Katherine Dunlop
University of Texas at Austin
Part 1 of this article exposed a tension between Poincaré’s views of arithmetic and geometry and argued that it could not be resolved by taking geometry to depend on arithmetic. Part 2 aims to resolve the tension by supposing not merely that intuition’s role is to justify induction on the natural numbers but rather that it also functions to acquaint us with the unity of orders and structures and show practices to fit or harmonize with experience. I argue that in this manner, intuition serves the epistemological function of warranting generalizations and justifying practices. In particular, it justifies the application of group-theoretic notions in geometry but not the use of set-theoretic notions in arithmetic.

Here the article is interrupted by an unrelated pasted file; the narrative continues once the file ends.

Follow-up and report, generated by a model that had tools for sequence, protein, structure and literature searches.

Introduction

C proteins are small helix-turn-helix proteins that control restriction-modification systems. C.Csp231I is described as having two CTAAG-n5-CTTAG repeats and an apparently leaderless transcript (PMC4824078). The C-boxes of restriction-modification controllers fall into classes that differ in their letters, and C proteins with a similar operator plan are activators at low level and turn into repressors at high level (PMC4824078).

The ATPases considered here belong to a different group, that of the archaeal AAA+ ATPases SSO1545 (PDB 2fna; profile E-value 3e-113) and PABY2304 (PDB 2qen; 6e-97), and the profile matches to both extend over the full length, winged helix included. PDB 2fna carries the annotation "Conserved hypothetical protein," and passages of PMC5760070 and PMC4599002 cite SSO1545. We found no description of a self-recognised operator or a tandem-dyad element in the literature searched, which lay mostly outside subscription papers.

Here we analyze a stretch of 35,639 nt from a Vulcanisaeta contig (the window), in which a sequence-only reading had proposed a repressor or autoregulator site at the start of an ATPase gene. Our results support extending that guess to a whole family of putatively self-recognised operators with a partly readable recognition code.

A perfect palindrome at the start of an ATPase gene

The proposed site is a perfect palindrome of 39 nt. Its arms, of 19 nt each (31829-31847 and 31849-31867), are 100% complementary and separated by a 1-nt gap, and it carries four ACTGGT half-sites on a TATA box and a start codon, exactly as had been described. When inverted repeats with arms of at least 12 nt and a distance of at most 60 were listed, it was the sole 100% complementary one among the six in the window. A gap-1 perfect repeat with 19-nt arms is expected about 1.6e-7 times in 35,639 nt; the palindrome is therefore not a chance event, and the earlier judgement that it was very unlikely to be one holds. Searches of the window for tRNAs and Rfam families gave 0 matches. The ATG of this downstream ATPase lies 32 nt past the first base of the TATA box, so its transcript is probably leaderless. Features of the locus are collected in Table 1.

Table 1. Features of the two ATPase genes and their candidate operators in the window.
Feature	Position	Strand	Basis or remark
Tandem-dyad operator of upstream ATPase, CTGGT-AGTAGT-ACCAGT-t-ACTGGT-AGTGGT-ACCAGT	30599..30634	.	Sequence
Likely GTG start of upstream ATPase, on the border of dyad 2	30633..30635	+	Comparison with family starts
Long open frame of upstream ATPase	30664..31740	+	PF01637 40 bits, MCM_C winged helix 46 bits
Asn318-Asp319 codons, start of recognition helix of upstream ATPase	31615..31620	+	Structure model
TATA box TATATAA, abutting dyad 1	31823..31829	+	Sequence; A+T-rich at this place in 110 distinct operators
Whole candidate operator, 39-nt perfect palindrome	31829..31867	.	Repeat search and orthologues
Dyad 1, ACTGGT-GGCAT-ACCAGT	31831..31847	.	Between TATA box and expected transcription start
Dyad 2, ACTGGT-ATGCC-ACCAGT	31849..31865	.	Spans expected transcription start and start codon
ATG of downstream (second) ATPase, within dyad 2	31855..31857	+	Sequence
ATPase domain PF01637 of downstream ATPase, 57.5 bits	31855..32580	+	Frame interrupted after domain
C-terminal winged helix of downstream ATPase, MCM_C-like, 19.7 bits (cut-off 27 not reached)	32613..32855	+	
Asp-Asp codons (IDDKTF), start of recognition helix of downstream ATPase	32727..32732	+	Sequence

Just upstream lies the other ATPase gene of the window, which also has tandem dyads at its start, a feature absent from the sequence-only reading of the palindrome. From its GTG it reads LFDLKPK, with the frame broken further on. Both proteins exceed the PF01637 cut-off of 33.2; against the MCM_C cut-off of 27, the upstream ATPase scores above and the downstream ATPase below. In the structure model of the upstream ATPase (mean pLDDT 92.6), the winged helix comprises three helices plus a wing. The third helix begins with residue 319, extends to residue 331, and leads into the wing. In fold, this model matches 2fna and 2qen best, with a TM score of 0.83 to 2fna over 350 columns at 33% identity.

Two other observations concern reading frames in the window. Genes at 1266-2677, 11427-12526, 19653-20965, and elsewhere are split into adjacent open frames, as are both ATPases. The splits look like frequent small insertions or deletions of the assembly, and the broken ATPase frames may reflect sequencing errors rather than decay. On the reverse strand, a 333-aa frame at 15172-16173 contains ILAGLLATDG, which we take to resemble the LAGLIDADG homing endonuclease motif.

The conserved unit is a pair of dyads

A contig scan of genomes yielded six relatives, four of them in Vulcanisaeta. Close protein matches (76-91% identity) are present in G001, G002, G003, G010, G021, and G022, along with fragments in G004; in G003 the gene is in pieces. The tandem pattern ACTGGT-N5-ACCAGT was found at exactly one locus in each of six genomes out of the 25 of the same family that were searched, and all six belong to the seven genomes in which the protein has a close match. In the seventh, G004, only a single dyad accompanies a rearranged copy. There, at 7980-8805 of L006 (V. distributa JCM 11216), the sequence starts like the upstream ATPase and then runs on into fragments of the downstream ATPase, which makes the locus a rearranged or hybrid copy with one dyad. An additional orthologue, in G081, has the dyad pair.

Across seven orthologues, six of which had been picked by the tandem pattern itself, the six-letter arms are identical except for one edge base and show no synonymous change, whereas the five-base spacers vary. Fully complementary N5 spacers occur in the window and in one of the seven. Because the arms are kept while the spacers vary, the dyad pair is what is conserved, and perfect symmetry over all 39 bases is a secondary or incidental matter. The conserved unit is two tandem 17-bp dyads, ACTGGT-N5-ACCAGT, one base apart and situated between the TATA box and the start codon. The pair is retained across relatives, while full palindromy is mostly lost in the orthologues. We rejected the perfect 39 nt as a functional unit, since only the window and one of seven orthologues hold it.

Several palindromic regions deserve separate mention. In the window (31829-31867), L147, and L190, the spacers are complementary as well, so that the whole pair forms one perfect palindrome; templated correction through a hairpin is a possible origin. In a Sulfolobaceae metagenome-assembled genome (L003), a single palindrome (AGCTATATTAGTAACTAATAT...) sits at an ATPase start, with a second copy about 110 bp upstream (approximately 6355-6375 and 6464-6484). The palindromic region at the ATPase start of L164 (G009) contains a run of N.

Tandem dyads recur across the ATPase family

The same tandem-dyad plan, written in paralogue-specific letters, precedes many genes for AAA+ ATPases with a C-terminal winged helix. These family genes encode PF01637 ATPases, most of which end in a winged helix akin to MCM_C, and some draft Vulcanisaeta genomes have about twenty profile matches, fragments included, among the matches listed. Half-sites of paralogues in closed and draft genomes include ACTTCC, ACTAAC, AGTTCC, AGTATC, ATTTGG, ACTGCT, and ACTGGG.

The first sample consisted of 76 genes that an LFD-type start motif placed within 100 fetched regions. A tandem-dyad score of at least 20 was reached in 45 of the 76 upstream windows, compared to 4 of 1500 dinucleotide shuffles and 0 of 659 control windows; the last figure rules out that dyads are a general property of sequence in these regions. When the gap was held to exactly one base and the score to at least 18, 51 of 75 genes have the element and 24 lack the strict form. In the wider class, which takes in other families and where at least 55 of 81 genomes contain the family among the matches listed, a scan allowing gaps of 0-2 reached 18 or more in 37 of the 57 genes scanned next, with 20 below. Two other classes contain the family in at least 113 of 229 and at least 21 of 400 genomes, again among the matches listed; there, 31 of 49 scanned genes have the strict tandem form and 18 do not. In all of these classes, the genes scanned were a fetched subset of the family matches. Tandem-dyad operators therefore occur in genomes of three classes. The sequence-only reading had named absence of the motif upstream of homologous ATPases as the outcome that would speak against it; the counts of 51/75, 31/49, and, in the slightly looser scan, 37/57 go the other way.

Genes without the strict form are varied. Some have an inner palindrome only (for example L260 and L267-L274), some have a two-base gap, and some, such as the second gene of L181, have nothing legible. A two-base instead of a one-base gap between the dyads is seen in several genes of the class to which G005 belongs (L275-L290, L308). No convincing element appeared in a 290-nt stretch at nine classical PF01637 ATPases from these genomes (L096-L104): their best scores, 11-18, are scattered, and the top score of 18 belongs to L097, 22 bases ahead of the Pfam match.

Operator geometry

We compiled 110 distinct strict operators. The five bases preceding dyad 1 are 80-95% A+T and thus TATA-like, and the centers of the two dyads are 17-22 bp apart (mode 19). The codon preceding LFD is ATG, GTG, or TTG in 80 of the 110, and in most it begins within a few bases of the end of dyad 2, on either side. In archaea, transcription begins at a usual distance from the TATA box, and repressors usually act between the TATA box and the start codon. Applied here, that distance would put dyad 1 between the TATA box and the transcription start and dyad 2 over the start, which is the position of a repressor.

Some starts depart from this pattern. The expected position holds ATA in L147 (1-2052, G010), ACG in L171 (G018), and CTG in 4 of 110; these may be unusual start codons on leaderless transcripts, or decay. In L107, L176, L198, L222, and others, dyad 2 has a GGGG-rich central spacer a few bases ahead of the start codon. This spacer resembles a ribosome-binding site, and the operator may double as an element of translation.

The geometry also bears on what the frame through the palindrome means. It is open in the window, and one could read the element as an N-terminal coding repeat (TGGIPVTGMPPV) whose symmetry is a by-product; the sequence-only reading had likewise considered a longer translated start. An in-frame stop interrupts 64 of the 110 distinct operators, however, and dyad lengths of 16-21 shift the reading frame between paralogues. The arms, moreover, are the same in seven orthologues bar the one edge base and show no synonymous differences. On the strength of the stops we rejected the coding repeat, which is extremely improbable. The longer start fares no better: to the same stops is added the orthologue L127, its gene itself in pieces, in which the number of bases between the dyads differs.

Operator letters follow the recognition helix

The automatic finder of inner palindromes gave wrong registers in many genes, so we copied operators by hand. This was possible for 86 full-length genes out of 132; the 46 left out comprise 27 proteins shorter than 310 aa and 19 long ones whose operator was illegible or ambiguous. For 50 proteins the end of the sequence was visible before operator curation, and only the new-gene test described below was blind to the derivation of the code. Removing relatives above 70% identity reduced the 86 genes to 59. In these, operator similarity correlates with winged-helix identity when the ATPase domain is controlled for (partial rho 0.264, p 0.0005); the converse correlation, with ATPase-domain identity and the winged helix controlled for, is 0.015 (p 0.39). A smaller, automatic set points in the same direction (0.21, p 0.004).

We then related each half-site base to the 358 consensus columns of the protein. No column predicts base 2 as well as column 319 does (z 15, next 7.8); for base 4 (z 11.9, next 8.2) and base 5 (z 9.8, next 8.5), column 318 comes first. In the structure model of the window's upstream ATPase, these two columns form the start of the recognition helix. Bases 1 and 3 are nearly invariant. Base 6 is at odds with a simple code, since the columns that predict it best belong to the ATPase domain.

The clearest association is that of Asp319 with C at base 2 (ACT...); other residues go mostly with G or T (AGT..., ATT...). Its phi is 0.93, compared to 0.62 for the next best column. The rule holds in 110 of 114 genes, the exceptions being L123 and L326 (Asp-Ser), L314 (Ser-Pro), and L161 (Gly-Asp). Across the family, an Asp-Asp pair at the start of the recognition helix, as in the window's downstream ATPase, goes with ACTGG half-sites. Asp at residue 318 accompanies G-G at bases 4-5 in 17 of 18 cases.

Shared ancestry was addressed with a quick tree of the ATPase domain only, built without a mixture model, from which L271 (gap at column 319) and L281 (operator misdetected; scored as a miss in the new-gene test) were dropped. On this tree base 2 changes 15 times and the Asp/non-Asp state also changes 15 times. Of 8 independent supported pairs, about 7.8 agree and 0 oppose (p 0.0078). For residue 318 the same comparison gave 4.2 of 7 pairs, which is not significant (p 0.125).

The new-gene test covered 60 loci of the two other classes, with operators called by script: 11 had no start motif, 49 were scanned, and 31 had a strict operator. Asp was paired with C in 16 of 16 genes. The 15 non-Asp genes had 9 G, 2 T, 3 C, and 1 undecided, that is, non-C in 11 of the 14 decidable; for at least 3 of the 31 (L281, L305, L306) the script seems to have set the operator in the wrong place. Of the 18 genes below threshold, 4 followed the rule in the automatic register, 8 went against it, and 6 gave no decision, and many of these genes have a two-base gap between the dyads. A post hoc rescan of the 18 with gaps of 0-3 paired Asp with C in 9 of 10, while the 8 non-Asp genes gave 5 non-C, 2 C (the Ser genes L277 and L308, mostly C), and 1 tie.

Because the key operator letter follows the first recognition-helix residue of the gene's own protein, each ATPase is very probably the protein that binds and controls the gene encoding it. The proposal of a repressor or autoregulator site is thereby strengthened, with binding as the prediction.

Keywords Poincaré  Philosophy of mathematics  Set Theory
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DOI 10.1086/691130
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Henri Poincaré.Gerhard Heinzmann - forthcoming - Stanford Encyclopedia of Philosophy.

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